Goff’s work was influenced by her experiences on her grandparents’ farm in southeastern Kansas, according to information about her from the gallery. It includes a series of silk-screened and painted canvas squares hung on a clothesline that show day-to-day life on the farm.

Unlikely teamwork in saving ‘war’ rivalry

LAWRENCE, Kan. — Foes by tradition, some students at MU and the University of Kansas are joining forces to oppose their schools’ decision to drop the name “Border War” from a sponsored athletic rivalry.

The schools issued a joint announcement Oct. 4 saying the 2-year-old trophy contest, decided by Jayhawk-Tiger competition in common sports during an academic year, would be renamed the “Border Showdown.”

Talk is tops

It seems fitting that the MU debate team’s primary method of recruiting new members is by word-of-mouth. The debaters obviously are good speakers, as the team, only in its second year, is ranked No. 1 in the nation.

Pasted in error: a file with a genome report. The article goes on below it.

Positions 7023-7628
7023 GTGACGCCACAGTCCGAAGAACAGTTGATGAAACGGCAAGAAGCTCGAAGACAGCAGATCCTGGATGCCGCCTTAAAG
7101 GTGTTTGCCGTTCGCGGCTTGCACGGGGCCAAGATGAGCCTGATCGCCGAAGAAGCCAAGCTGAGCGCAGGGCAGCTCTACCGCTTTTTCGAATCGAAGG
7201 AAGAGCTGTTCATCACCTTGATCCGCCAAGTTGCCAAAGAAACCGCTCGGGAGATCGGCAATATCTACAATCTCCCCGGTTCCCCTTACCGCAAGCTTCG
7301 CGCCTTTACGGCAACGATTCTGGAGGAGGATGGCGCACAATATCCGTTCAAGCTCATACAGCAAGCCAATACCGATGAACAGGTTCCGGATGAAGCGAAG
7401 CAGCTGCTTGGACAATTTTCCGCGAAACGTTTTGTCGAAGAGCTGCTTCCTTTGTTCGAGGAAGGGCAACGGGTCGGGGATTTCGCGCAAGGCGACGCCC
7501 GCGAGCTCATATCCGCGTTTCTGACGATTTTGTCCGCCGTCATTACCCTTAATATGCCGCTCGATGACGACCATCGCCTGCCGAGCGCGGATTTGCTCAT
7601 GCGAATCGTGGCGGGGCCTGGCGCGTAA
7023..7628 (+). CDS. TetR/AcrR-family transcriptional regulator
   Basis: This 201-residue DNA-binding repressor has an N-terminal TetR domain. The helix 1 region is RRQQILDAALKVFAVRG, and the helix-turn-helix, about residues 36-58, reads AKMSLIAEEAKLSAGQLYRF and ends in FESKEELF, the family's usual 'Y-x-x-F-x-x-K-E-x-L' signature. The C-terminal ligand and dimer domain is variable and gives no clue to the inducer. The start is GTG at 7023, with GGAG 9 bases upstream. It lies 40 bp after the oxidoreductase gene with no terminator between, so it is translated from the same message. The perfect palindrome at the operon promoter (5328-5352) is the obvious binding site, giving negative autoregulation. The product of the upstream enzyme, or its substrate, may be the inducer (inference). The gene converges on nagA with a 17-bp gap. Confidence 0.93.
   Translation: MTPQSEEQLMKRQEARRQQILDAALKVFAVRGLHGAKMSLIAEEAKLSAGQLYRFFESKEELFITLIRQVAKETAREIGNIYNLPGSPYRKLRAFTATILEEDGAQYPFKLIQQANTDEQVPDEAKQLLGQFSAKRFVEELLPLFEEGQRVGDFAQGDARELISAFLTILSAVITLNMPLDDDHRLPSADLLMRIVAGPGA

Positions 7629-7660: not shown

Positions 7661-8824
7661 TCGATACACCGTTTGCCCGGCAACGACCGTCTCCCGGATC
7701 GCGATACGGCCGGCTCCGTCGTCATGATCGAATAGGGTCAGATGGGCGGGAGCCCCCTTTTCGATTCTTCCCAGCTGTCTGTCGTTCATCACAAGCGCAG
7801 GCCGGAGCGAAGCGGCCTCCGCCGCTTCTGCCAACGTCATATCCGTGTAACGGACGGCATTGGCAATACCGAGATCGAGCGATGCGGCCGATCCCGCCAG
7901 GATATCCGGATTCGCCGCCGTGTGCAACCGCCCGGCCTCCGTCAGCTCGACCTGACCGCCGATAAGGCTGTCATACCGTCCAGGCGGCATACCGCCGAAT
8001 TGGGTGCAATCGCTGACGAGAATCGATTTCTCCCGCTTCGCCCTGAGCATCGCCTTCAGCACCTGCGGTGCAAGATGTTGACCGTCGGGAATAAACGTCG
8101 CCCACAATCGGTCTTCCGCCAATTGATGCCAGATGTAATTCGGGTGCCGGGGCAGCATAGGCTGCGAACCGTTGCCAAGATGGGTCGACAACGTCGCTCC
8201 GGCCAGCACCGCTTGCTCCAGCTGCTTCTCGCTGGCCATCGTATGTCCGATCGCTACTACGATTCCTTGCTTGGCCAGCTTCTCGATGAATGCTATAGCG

The team has made huge strides since its inception a year ago. In last year’s first competition, the team sent five members to compete. This year, MU sent 16 debaters to the same competition — and walked away with first-place honors.

Career fair gives grads chance to dream big

Tables with bright banners and towering posters circled the walls and the center of the Dulany Hall Banquet Room. More than 100 students lapped the track formed by 20 employers and graduate schools. The students came in search of careers and educations at Columbia College’s annual career and graduate fair Wednesday evening.

Cindy Collet made her way determinedly around the room. Collet, 40, is a full-time senior studying psychology and sociology. She also is the divorced mother of an 8- and a 10-year-old.